Did you know you can buy Jane Austen toothpaste? Or Pride and Prejudice confetti? Or would you prefer an Austen air freshener? I write about odd and interesting Jane Austen merchandise in my Austen Authors blog. Found here.
This is re-posted from my Austen Authors’ blog:
In an earlier blog, I had written about the history of the novel and how Jane Austen played a role. I thought that in today’s post I would address the simple question: what genre of fiction does Austen fit into? But answering that question turned out to be a lot harder than I expected.
I had actually expected the question to be fairly easy to answer. She was a…Well…she wrote like a…Okay, her style was…. The fact is that Austen’s genre is hard to pin down. Today many people would consider her genre to be historical romance, but of course, that category didn’t exist in her day, and her books wouldn’t have been considered historical when she was writing them. The idea of “romantic” doesn’t necessarily fit either. Romantic literature at that time often had to do with prioritizing human emotions and imagination—as well as emphasizing the beauty of nature. It didn’t have the same connotation that it does today: primarily concerning romantic/erotic love between two human beings. Thus Austen’s readers would have considered Wordsworth’s poems, Walter Scott’s novels, or Mary Shelley’s Frankenstein to be examples of romanticism; but they would not necessarily have given that label to most of the novels we consider romances today.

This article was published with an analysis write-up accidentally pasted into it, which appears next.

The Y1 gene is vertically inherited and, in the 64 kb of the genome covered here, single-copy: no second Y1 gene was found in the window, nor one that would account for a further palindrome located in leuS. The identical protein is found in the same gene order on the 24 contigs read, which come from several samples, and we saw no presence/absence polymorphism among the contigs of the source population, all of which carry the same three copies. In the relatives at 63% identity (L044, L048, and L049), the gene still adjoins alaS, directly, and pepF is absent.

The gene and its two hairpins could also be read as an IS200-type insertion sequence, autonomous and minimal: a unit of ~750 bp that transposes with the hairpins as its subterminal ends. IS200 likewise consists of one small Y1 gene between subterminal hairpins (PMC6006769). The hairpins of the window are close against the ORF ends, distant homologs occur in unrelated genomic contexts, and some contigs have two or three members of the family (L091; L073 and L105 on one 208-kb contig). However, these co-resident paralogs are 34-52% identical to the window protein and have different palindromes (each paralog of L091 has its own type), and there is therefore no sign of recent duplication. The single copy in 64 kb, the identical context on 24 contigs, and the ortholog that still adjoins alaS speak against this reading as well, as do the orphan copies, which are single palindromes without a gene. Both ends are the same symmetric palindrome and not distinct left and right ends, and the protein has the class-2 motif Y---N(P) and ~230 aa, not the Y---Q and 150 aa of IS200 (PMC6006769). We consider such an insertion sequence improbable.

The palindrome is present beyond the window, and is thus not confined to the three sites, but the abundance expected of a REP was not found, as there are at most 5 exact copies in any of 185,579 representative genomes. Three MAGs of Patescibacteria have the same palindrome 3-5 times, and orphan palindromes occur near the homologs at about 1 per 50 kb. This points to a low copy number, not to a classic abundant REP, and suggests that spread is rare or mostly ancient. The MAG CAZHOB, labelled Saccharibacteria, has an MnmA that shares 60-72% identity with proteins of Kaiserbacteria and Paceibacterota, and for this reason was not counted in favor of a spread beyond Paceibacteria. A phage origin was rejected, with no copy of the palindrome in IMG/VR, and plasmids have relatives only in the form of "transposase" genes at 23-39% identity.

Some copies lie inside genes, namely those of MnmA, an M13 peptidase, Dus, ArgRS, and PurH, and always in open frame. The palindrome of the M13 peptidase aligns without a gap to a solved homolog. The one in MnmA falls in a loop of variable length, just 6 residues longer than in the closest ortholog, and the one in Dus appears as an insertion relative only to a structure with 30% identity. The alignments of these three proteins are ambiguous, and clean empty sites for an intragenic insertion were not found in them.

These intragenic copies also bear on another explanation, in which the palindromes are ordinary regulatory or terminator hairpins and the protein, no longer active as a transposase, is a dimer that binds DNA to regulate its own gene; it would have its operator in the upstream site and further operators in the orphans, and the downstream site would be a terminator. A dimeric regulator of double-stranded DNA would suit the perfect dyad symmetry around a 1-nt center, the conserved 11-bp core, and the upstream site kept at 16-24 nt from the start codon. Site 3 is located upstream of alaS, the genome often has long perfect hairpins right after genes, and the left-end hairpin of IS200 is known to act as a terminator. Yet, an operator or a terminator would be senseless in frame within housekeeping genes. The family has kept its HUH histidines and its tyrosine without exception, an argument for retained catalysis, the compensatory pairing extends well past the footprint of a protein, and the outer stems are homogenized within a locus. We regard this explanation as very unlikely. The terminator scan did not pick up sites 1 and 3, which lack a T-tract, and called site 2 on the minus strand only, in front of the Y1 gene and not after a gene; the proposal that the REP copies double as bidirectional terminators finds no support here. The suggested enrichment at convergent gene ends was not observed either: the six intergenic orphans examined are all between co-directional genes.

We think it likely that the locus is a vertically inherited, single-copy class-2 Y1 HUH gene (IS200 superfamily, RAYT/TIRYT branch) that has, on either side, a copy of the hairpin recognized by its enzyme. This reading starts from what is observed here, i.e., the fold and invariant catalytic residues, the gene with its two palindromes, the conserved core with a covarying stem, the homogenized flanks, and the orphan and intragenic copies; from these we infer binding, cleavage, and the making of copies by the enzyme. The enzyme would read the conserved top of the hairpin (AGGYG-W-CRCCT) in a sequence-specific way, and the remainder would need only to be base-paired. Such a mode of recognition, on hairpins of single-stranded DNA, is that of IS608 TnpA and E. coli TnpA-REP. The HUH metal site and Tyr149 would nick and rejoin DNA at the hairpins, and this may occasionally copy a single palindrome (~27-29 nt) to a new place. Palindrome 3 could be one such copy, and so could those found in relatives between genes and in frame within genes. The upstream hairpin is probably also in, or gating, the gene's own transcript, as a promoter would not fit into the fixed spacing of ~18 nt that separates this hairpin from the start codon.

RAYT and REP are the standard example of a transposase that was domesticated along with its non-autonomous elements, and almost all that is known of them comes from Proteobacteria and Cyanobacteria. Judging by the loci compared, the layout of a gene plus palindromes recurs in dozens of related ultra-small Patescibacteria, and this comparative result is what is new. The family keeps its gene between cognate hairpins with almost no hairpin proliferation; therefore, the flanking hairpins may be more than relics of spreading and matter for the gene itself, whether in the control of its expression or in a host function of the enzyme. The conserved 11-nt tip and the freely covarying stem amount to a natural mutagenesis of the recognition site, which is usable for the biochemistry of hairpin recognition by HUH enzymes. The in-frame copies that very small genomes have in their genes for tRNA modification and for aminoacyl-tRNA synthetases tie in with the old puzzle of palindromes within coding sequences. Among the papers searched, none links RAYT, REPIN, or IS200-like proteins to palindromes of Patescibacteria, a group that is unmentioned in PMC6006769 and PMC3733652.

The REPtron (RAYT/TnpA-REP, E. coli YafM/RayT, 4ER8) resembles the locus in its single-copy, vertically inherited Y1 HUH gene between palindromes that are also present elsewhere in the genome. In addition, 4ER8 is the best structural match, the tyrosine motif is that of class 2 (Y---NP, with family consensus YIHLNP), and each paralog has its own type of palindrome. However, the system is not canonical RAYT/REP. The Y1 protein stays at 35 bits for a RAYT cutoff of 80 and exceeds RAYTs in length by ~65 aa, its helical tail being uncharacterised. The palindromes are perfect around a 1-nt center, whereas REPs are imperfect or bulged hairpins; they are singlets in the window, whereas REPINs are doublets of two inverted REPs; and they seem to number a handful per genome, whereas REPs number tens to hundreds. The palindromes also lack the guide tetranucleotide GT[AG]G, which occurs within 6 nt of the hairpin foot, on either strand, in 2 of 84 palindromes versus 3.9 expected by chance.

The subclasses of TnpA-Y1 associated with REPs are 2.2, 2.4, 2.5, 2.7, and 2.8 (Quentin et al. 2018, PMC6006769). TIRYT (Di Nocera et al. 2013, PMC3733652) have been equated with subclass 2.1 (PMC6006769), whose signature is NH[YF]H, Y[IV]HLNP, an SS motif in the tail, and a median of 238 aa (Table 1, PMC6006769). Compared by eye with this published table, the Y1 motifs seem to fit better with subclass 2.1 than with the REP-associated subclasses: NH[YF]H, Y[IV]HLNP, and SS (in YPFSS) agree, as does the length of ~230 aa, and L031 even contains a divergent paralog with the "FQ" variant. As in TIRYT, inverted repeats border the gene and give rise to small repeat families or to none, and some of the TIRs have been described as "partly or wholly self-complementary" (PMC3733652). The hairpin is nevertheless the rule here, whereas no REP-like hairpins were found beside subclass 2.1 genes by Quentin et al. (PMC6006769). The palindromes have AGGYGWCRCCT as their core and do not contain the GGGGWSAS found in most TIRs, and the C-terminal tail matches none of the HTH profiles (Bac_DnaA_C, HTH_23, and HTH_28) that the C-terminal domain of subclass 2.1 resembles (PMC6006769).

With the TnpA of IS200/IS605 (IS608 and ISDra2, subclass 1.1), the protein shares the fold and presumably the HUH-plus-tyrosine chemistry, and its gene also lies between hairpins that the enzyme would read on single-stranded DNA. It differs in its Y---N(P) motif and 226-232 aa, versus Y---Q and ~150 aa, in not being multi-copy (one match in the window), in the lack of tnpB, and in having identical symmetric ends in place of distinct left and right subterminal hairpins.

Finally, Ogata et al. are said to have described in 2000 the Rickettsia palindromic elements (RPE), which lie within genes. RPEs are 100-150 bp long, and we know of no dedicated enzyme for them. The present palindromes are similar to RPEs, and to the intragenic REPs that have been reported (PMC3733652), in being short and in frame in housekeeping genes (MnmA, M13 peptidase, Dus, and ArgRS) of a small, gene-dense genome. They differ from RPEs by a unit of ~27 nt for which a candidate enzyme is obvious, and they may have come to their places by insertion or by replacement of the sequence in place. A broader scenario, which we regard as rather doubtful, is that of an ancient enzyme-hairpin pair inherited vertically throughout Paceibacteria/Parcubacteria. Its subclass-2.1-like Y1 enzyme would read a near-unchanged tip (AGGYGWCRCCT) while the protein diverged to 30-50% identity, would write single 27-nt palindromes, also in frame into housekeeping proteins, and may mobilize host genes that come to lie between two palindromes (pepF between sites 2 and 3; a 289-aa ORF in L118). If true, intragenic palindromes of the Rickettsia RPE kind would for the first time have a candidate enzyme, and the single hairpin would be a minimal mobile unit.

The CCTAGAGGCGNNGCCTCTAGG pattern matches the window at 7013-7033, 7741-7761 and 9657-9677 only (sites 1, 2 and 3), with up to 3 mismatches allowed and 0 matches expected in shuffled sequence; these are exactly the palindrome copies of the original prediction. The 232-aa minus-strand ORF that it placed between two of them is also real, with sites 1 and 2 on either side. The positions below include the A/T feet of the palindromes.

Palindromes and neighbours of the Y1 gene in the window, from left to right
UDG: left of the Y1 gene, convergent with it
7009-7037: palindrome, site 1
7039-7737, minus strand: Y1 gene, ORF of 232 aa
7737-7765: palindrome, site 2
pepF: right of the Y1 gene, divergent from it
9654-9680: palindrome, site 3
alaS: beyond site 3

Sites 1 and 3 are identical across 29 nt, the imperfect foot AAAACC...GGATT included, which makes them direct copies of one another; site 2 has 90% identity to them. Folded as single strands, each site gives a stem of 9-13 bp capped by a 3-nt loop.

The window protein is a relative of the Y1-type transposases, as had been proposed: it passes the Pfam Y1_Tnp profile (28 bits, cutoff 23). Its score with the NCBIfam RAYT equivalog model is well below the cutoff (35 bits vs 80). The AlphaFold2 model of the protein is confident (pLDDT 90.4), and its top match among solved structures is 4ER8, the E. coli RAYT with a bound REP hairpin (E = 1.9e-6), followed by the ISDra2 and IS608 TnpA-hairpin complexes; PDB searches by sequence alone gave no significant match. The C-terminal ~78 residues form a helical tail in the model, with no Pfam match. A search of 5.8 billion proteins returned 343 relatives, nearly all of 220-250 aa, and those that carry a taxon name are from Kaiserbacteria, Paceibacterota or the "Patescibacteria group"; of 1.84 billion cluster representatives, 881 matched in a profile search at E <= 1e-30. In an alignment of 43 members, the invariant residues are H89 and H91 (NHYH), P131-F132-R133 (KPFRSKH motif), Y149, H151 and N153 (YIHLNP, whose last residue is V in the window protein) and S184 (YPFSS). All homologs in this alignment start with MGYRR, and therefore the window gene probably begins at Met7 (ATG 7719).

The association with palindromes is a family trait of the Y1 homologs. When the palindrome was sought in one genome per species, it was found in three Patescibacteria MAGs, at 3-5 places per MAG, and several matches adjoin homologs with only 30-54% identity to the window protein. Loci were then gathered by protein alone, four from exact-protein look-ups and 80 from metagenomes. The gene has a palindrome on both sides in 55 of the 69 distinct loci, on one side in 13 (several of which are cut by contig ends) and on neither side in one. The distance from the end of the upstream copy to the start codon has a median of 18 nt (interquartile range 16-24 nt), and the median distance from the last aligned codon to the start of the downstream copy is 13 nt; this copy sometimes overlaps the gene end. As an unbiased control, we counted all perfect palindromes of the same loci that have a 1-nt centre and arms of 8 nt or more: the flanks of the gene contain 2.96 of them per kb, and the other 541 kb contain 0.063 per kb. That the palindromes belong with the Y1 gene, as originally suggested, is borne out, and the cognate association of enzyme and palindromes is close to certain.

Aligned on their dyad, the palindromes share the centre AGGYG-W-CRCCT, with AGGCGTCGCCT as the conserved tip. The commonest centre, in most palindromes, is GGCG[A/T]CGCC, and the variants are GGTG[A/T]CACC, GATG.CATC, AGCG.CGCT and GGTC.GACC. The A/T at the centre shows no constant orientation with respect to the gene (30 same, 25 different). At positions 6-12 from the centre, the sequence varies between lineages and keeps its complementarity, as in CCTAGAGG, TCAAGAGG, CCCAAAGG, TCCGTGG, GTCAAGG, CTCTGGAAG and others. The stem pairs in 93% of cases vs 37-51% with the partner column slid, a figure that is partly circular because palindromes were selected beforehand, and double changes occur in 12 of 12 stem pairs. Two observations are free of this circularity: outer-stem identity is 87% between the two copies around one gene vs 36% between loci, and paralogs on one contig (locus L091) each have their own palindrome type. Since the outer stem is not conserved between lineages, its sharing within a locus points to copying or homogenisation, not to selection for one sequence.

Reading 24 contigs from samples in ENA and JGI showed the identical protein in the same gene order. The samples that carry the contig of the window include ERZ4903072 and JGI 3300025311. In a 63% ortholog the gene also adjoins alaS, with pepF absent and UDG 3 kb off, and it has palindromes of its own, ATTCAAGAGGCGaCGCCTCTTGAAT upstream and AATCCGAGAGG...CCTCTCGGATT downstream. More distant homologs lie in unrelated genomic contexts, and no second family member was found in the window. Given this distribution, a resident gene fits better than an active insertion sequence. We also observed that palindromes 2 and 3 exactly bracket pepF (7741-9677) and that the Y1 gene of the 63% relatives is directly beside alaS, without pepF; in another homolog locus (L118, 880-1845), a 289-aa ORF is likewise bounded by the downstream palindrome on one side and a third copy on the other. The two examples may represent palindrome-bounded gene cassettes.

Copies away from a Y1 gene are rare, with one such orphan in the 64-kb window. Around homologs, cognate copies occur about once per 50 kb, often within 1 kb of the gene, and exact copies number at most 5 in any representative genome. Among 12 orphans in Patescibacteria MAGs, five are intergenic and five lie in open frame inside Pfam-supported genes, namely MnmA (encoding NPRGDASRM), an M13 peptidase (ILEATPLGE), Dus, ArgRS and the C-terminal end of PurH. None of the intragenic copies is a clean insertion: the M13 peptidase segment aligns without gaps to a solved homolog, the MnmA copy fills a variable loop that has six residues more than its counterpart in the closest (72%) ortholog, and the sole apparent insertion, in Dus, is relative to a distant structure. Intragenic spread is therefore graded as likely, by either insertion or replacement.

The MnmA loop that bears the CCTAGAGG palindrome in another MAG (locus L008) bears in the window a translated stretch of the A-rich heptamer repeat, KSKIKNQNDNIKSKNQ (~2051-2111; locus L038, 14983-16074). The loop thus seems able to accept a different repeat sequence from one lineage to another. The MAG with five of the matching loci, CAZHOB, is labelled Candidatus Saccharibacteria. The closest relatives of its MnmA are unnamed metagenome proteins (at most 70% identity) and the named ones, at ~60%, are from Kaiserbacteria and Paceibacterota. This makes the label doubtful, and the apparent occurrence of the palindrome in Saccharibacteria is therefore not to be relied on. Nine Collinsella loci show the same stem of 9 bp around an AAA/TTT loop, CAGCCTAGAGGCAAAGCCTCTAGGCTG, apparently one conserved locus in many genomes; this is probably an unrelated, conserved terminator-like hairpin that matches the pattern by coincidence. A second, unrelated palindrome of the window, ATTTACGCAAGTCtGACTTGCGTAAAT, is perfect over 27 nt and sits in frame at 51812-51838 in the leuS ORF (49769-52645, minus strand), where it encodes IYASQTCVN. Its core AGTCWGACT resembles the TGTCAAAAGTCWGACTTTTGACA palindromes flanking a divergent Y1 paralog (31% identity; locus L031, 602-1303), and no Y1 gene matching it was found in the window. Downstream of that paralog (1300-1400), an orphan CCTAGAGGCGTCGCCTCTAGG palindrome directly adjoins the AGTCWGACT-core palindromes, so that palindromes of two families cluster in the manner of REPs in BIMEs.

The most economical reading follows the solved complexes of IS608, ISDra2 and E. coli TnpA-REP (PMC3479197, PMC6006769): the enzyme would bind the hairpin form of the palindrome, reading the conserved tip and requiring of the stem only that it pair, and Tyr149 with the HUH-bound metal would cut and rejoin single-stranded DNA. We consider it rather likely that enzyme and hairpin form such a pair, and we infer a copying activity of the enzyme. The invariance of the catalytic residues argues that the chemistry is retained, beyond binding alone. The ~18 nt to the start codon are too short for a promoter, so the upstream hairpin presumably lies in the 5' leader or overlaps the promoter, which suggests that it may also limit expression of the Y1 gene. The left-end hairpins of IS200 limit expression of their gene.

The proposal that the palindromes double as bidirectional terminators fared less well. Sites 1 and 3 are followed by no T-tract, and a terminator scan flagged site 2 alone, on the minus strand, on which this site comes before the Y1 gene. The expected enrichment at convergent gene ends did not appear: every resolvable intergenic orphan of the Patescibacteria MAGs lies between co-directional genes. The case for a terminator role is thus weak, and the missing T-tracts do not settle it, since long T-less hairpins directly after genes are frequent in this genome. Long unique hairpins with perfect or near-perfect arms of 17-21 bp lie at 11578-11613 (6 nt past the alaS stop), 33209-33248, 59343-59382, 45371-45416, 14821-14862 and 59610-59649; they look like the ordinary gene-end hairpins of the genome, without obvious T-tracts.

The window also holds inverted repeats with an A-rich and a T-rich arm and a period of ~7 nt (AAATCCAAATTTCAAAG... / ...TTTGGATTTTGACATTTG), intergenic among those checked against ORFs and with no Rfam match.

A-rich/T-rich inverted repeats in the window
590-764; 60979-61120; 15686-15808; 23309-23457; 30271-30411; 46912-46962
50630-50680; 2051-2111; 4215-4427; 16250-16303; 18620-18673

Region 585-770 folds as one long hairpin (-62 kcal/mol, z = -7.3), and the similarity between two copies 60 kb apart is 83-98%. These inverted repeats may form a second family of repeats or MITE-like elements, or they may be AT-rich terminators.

Another label that has been suggested for Austen’s works is comedy of manners, which is exemplified by Restoration comedies or Oscar Wilde’s The Importance of Being Earnest. Yet, those plays have a brittle humor not demonstrated by Austen’s works and lack her seriousness of purpose. In those works, poking fun at social convention is the primary goal and the happiness of the characters is secondary. Shakespeare’s Much Ado About Nothing is also called a comedy of manners; and Elizabeth and Darcy sometimes resemble a Regency era Beatrice and Benedick. However, both Much Ado and Austen’s works have more drama and a greater seriousness of purpose than many of the typical comedies of manners—so I would not say it is an entirely accurate description.